Most farmer’s markets come with some degree of free marketing. Your name will be on their website as a vendor, and pictures of your stand or booth may appear on their social media pages or newsletters. Your physical presence at a market is also a benefit if you have other streams of revenue that you want to advertise. 

For example, you may sell a limited selection of products at a farmer’s market, but the majority of your income is from your CSA. While the farmer’s market may bring in some revenue, it serves the dual purpose of also sharing your name and product with a world of potential customers.

3. Community Engagement

Farmer’s markets are an incredible way to connect with other producers. For instance, if you decide to set up at one of the five biggest markets in Baton Rouge, you can meet people who sell fruits and vegetables, baked goods, dairy, seafood, spices and more. This variety of offerings can be beneficial if you specialize in one area but want to collaborate with others.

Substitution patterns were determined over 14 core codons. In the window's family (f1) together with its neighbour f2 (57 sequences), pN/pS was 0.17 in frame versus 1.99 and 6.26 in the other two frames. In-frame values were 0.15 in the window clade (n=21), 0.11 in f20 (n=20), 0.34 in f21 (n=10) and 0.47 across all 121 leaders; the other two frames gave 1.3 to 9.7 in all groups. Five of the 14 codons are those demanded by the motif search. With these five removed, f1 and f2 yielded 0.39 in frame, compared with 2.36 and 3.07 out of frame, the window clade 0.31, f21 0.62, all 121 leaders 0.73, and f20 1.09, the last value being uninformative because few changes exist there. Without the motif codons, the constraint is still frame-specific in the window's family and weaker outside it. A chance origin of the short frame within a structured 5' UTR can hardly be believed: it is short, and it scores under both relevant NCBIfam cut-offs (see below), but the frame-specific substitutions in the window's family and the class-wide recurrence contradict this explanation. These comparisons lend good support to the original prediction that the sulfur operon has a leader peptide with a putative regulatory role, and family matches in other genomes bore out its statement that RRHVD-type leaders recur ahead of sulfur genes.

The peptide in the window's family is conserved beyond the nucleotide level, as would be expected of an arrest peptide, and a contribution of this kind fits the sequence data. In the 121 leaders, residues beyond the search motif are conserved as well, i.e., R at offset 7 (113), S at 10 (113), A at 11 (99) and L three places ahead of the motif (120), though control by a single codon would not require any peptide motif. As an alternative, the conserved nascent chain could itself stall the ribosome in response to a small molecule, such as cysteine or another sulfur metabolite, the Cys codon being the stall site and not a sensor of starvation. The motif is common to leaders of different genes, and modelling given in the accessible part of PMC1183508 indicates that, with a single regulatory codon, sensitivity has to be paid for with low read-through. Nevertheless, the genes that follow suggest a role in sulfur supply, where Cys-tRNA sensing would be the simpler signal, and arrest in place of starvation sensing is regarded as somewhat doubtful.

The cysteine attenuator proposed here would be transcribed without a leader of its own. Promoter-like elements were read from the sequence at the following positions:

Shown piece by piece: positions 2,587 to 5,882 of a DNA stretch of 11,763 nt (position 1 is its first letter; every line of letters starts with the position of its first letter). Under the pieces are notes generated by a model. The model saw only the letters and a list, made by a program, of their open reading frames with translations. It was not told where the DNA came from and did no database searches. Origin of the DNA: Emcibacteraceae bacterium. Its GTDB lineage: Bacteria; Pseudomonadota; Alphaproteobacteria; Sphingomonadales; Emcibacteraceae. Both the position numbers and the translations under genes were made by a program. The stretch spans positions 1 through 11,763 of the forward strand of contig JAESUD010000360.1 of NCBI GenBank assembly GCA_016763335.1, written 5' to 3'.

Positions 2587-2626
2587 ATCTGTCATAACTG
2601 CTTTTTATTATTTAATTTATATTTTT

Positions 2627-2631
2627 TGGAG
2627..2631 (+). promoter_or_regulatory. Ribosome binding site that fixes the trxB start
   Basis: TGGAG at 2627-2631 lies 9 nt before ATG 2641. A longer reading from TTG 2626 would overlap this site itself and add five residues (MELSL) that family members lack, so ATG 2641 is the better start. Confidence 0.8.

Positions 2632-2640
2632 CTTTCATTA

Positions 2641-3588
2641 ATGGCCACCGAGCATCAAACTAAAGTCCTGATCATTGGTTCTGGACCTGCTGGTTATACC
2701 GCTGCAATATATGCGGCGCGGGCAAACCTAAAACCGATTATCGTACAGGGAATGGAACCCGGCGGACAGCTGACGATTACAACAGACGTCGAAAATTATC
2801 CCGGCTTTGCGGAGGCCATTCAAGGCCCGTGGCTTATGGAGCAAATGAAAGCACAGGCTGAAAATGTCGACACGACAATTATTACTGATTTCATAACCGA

For example, a food truck at the farmer’s market may try your fresh produce, using your tomatoes on their burgers every Saturday. Not only do you gain a valuable connection and a weekly buyer, but you also increase your community engagement. 

4. Low Start-Up Costs

Selling at farmers’ markets is relatively inexpensive. Depending on your location, you may be able to find a small, local space to try out before you feel comfortable joining a larger establishment. Because of the low cost of investment, markets can be a low-risk solution for homesteaders. 

The trickiest part about becoming a vendor in a decent farmer’s market is not the cost, but the limited availability. Many highly competitive markets, such as urban areas like New York City and Washington, DC, are challenging to get into. Most vendors have been in place for decades. When they leave, there is often another farm, or multiple, on the waiting list to take their place. 

5. Competitive Prices

Most homesteaders can garner high prices at farmers’ markets due to where these spaces are situated. In the United States, for example, society is becoming increasingly urban. Experts predict that by 2050, around 66% of the global population will live in cities, where the cost of living tends to be higher.